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I've rescooped this article from fellow curator John Kratz because I thought it was so good. It is a great example of how a company ramped up business once it started sharing stories of its customers -- with customers as the heros. Take notes folks! And thanks John for finding and sharing this article.
The year is 2008 and you are in the Financial Services Business.
"How do you turn a quiet, sales-driven organization into a B2B marketing powerhouse?"
"Consider the story of Lincoln Financial Group, a traditionally sales-centric organization... The 106-year-old financial services, insurance, and annuities company..."
"Lincoln Financial had previously conducted research showing that the more people take charge of their lives, including their finances, the better they feel about the direction of their lives."
"While others in the category seemed to be drawn to using fear in their advertising, we felt the time was right to try a new, more optimistic approach."
"...the campaign showcased a video of women of all ages showing how they take charge of their lives and provided educational content to help women do just that. The PR focused on the research results. The Chief Life Officer ads continued the "take charge, optimistic theme," which was reinforced in social media.
"And how has the integrated campaign done?"
Read the success story here:
Via Ken Jondahl, Karen Dietz
"Have you ever looked at your marketing materials and thought, “that’s not really me?” Been there. In fact, my (thankfully last) resume comes to mind. And, oddly, my mind wandered a bit, thinking how most marketing materials similarly fail to tell us what’s really unique about a brand."
Well, I am embarrassed to admit this, but the author of Story Works, Sharlene Sones, asked me to review her new e-book months ago -- and I am just now getting to it. My apologies Sharlene! But better late than never I guess.
I love this book. For several reasons:
Content -- Sharlene does a masterful job at guiding us through the business applications of story. She touches on everything from marketing/branding, unique proposition, sales, to leadership, culture, career development, and back. Whew! That's a lot of territory to cover. But she does it well.
Sharlene explains how story will make a difference in these areas -- and WHY it does. And she gives us tips for using story in several applications. As a bonus, there are lots of story quotes to add to your list, along with examples from companies to make her points.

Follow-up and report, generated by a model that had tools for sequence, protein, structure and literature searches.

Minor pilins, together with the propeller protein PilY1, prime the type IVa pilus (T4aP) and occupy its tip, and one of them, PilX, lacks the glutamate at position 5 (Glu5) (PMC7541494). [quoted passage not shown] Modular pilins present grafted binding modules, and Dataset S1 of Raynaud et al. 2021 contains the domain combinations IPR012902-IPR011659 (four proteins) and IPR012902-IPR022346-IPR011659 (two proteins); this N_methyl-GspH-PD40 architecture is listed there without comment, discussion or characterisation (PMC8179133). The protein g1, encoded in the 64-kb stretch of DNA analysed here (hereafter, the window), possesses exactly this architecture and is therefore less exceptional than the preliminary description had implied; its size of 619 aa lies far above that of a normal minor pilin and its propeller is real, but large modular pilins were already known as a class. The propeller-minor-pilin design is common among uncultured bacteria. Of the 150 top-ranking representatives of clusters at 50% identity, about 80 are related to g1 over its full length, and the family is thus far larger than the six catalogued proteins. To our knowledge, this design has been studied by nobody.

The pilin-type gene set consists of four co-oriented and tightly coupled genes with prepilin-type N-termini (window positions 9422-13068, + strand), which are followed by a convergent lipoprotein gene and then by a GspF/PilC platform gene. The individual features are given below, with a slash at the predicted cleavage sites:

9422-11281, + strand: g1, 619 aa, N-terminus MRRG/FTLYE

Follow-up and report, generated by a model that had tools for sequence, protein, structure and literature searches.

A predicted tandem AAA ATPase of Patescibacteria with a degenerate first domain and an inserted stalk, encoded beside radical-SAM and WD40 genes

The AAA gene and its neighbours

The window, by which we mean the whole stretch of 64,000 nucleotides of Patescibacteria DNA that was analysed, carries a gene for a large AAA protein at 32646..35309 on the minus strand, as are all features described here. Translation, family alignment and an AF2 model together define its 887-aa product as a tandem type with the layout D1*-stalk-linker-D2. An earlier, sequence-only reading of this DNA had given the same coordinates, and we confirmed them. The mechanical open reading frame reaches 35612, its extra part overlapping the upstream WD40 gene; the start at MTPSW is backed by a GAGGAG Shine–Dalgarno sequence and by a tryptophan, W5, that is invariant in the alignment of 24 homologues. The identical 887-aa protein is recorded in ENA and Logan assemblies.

What I particularly like is her focus on story as conversation -- and that story sharing is where the real leverage is in org story work.
I may quibble a bit on some of Sharlene's points -- are testimonials really stories? Depends on the definition you use. For me, not so much. But the bulk of Sharlene's material is so right on, I am not going to be so picky.
Sharlene also tackles 'engagement' as a topic and brings to light the story dynamics involved in that. I think there is still a lot to learn about storytelling and engagement in business, but this gives us a good start.
I wish there had been more focus on listening, too. Implied in Sharlene's book is how transformative stories can be in business. A lot of what she talks about is story at the transactional level -- even when story provides inspiration and meaning. For example -- when a business is really in the story groove, stories have the potential to change both the teller and listener. Story as transformation in business is the next frontier I think.
I could say more, but I'm running out of space. This book is inspirational and a good kick in the pants for bringing story into your core business activities. If you want a great e-book primer on business storytelling, this is it.
If you want to go deeper, dig into the books by Annette Simmons and Steve Denning.
You do have to buy this book. But you can also download a chapter for free. I have absolutely no affiliation with Sharlene other than we are colleagues and both went to grad school at the Univ. of Pennsylvania.
This review was written by Karen Dietz for her curated content on business storytelling at www.scoop.it/t/just-story-it
Via Karen Dietz
10 Ways Customer Stories Help Companies Sell http://t.co/3JwGufQB via @Savvy_B2B...
Woo hoo! If there was any doubt about the necessity for crafting and promoting your customer's stories, then this quick post will dispell them all.
Customer case study specialist Casey Hibbard shares some research from Gartner about the impact of customer stories on sales, and then lists specifically how customer stories can lead to business growth.
As I'm rebuilding my website, I'm taking Casey's advice -- and hope you do too.
Oh -- but make sure you are actually writing customer stories to share and not testimonials. Testimonials are critical -- yet they are mostly valuable opinions from customers about their experience with you. That's part of your 'story' but they often are not really stories.
Soooo -- write mini-stories or storied case-studies about your work with customers to receive the full impact of your customer stories!
This review was written by Karen Dietz for her curated content on business storytelling at www.scoop.it/t/just-story-it ;
Via Karen Dietz